Justice Sleeps – Abuse of the Developmentally Disabled

The Northeast Kingdom Human Services and the Safe Choice Program are another one of the dismal tentacles of the Industrial Prison Complex. These are state funded programs that are tasked with “rehabilitating” mentally impaired/developmentally disabled (DD) individuals who for different reasons have ended-up in these “halfway house” facilities.

As I have shown before in my other assessments of the Industrial Prison Complex this is about money. The agency gets upwards to $100,000 per individual annually. For this price this should be a progressive program with experts on developmental disability, learning impairments, social anxieties, etc. implementing the top research based treatments, this is called Restorative Justice.

see – Vermont Abusing the “Developmentally Disabled”?

 According to the report “When Justice Sleeps: Violence and Abuse Against the Developmentally Disabled“: 90% of DD individuals who have been a victim of abuse know there assailants personally i.e. family, friends, facilitators, tutor etc. The Rohner Institute’s research found that 39-68% of girls and 16-30% of boys, with DD will be sexually abused before age 18. Two studies have found that 50% of women with DD who had been sexually assaulted, had been assaulted 10+ times. Most of the time abuse in these cases goes unreported, because of their DD condition, this is the reason these individuals are “easy targets”.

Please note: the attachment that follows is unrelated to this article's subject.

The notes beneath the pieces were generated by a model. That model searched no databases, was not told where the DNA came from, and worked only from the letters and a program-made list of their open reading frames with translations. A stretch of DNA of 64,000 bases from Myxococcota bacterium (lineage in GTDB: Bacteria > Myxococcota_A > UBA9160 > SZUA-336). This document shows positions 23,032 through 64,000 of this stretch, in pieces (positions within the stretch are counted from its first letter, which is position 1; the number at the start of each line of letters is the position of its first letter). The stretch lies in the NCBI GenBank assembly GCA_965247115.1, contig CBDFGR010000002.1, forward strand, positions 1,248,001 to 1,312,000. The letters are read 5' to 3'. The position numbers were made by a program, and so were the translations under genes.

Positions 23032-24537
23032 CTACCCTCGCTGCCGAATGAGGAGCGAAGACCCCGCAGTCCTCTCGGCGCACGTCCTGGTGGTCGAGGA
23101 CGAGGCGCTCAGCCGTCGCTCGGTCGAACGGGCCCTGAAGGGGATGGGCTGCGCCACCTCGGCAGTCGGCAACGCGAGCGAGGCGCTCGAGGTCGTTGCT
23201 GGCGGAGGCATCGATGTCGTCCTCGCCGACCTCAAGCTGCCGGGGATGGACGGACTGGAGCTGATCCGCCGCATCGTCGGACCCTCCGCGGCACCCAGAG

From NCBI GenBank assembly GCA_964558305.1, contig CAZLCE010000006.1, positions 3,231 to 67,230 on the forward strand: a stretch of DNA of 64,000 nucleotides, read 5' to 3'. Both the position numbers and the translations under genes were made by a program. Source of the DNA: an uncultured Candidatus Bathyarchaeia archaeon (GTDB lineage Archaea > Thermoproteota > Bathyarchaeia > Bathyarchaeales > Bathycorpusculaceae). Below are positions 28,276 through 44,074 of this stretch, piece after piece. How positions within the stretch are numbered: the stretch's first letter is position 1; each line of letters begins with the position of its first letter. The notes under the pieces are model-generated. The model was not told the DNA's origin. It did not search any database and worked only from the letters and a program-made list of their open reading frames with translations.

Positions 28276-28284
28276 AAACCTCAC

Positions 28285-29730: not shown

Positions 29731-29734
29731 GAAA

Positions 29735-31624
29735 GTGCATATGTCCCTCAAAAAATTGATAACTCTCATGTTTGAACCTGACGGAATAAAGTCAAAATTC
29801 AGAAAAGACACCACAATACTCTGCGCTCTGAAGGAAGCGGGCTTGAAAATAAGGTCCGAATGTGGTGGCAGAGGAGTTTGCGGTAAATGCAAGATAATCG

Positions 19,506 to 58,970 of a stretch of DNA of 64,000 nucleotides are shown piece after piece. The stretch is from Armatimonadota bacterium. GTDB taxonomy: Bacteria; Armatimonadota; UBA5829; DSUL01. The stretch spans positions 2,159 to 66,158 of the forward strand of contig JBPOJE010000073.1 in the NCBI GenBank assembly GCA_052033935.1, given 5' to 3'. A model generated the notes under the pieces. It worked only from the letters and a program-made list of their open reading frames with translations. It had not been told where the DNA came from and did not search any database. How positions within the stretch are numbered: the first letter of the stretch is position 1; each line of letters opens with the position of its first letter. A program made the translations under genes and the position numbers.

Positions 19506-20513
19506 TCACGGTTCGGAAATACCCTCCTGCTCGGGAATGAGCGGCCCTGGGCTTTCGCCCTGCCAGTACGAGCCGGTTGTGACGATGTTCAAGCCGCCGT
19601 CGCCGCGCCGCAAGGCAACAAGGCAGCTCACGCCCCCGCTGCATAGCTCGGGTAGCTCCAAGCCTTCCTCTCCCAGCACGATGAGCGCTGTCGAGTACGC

These FRAGILE individuals need special care, that is why the public are willing to pay more taxes to provide such services. Not only do we NOT have the special care (we pay for) in this arm of Human Services, but we have ABUSE! The already traumatized, confused and outcast individuals of Our Society are being traumatized and confused more by the very services that are supposed to help them function in society.

The problem with the structuring of such services is; rehabilitation is the very thing that destroys their funding. Without crime, Private Prisons are obsolete, as with this branch of Human Services, rehabilitation is bad for business. People think things like this would never happen, especially in Vermont. It is hard to believe how low our moral and ethical standards are in the year of 2011. $$$

Spread the word and give a voice to the “voiceless” let your Governor know you want an independent review of these programs. Sign our petition – http://www.thepetitionsite.com/1/vermont—investigate-the-abuse-of-quotdevelopmentally-disabled-offendersquot/


3 thoughts on “Justice Sleeps – Abuse of the Developmentally Disabled

  1. My daughter, aged 47, lives in a group home with 2 other DD women and 3 DD men. Two of these men are 60’ish in age and suffer from alzeimers. One [M3] them is becoming verbally aggressive and I have seen him raise his hand to “slash” in anger, this at a family social gathering over the holiday season.

    The other gentleman [M2] is frail, as is my daughter[F1] and both of them seem to be targets for this aggresive behaviour. Staff tell me they are no longer allowed to physically remove [M3] from the group, and can only talk him through the anger. I fear that he [M3] will actually harm someone. What are the options in such a situation?